Giant Mushroom-like Neglected Basal Cell Carcinoma of the Shoulder with Spontaneous Bleeding: A Successful Surgical Approach
Nikhil Oliveira, Georgi Tchernev, Lorraine Joseph Kandathil
Onkoderma - Clinic for Dermatology, Venereology and Dermatologic Surgery, Sofia, Bulgaria
Doi: 10.12890/2021_003089 - European Journal of Case Reports in Internal Medicine - © EFIM 2021
Received: 28/11/2021
Accepted: 10/12/2021
Published: 22/12/2021

How to cite this article:Oliveira N, Tchernev G, Kandathil LJ. Giant mushroom-like neglected basal cell carcinoma of the shoulder with spontaneous bleeding: a successful surgical approach. EJCRIM 2021;8 doi:10.12890/2021_003089.

Conflicts of Interests: The authors declare there are no competing interests.
This article is licensed under a Commons Attribution Non-Commercial 4.0 License


Introduction: Giant basal cell carcinomas (GBCCs) are extremely rare and typically more aggressive than their predecessor subtype. GBCCs with mushroom-like morphology have rarely been reported, with only one other case identified in the literature. Here we present a unique case of a neglected giant mushroom-like BCC that was treated successfully.
Case description: An 81-year-old male patient presented with a large ulcerative mass on his back. He had a medical history of chronic heart failure and atrial fibrillation, which were controlled with heart medication. During a routine visit to change the dressing of the lesion, the central pedunculated stalk underwent spontaneous haemorrhaging which led to massive blood loss. The patient was treated for shock and the lesion was completely excised under emergency surgery. The tumour was sent for histopathological assessment after complete surgical removal. Recovery was successful with good postoperative results and no recurrence was reported in the 12 months following discharge. Discussion: The patient was under long-standing anticoagulant therapy that contributed to the untimely rupture of the pedunculated lesion and led to spontaneous heavy haemorrhaging. Treatment for such giant lesions can be complex, especially in patients with co-morbid conditions. Careful assessment and early treatment are paramount for successful results.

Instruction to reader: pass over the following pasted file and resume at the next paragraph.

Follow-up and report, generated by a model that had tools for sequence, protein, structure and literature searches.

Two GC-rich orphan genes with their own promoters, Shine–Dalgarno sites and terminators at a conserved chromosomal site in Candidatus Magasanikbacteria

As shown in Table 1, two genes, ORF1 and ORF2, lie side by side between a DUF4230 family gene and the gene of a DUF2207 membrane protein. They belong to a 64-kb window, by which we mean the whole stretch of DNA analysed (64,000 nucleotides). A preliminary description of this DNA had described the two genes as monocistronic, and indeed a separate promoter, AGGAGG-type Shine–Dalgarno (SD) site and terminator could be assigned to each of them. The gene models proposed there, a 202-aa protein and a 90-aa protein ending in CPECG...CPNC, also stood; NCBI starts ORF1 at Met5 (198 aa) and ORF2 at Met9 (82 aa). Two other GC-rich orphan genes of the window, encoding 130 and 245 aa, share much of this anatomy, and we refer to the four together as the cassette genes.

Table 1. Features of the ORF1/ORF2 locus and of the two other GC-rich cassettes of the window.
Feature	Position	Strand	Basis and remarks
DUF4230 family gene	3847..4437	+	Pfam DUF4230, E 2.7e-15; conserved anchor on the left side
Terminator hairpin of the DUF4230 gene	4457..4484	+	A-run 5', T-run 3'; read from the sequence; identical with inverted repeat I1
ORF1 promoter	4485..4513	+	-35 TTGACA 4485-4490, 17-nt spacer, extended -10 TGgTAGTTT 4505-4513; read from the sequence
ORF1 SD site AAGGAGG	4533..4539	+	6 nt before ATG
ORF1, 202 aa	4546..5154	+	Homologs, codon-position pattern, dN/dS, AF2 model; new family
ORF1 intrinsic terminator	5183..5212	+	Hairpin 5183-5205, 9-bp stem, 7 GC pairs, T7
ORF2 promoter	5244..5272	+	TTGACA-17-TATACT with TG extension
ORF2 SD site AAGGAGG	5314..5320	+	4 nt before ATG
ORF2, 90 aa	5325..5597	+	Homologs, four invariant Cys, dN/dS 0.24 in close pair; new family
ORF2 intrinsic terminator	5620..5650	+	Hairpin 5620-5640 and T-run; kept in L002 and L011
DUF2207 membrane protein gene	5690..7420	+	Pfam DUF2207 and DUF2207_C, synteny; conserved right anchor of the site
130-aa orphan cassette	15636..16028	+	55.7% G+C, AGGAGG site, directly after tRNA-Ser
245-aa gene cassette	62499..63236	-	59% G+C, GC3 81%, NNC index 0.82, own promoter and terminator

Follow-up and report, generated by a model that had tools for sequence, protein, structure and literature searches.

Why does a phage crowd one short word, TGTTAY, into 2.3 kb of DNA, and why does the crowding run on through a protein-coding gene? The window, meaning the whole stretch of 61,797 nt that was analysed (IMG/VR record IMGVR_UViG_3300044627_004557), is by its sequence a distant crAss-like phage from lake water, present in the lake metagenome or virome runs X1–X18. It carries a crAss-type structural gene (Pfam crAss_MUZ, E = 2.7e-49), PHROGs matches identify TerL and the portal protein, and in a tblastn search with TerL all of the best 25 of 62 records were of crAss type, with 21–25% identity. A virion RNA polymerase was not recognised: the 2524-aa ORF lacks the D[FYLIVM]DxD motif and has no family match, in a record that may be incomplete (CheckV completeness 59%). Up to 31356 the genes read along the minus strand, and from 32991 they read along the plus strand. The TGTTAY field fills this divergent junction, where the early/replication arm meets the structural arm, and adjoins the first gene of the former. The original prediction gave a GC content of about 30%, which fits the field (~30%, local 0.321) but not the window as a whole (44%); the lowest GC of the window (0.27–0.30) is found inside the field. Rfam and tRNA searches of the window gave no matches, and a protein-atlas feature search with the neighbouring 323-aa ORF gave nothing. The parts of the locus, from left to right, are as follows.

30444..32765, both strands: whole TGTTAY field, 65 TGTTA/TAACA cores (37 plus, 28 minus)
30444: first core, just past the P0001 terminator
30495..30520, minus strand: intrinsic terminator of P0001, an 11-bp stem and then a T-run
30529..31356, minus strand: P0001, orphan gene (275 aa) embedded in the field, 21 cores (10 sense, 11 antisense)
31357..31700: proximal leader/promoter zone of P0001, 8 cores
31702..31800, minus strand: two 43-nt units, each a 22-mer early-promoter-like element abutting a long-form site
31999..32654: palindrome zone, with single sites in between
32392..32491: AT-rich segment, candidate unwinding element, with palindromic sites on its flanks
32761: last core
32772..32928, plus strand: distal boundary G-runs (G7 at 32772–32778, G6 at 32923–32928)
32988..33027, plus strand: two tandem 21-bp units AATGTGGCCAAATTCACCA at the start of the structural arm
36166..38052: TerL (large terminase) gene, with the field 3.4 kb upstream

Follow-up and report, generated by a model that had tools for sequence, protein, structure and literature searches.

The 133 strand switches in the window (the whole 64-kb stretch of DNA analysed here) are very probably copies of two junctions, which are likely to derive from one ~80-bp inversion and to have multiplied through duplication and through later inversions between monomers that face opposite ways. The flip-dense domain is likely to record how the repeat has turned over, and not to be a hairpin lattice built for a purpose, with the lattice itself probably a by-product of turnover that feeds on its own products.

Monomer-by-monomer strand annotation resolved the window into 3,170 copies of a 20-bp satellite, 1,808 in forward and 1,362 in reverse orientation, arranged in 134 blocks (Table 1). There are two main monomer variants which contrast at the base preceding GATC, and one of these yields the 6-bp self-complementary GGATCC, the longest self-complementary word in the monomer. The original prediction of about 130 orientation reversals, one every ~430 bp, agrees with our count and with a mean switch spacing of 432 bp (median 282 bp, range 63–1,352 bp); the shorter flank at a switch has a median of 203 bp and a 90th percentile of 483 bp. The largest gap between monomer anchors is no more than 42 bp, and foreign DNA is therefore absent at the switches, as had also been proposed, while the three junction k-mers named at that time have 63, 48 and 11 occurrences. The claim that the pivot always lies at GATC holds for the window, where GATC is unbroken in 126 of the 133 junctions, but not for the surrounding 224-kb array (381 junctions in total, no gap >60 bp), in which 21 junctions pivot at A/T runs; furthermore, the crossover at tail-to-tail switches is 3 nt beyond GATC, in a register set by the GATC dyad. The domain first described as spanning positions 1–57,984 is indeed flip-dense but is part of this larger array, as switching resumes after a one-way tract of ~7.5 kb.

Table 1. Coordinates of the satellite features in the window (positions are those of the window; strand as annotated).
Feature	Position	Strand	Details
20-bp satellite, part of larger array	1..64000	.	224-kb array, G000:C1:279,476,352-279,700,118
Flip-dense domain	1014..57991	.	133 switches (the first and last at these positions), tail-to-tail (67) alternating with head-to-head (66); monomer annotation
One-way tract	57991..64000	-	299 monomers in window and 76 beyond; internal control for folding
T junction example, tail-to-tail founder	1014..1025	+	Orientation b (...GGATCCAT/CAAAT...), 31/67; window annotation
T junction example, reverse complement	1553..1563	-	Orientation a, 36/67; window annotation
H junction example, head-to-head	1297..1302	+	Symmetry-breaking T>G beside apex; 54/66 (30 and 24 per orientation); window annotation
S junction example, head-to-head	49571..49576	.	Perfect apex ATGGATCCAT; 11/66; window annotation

Conclusion: Complete removal of such lesions is very successful for treating GBCCs.



Mushroom-like growth, basal cell carcinoma, skin tumours, cutaneous surgery, spontaneous haemorrhaging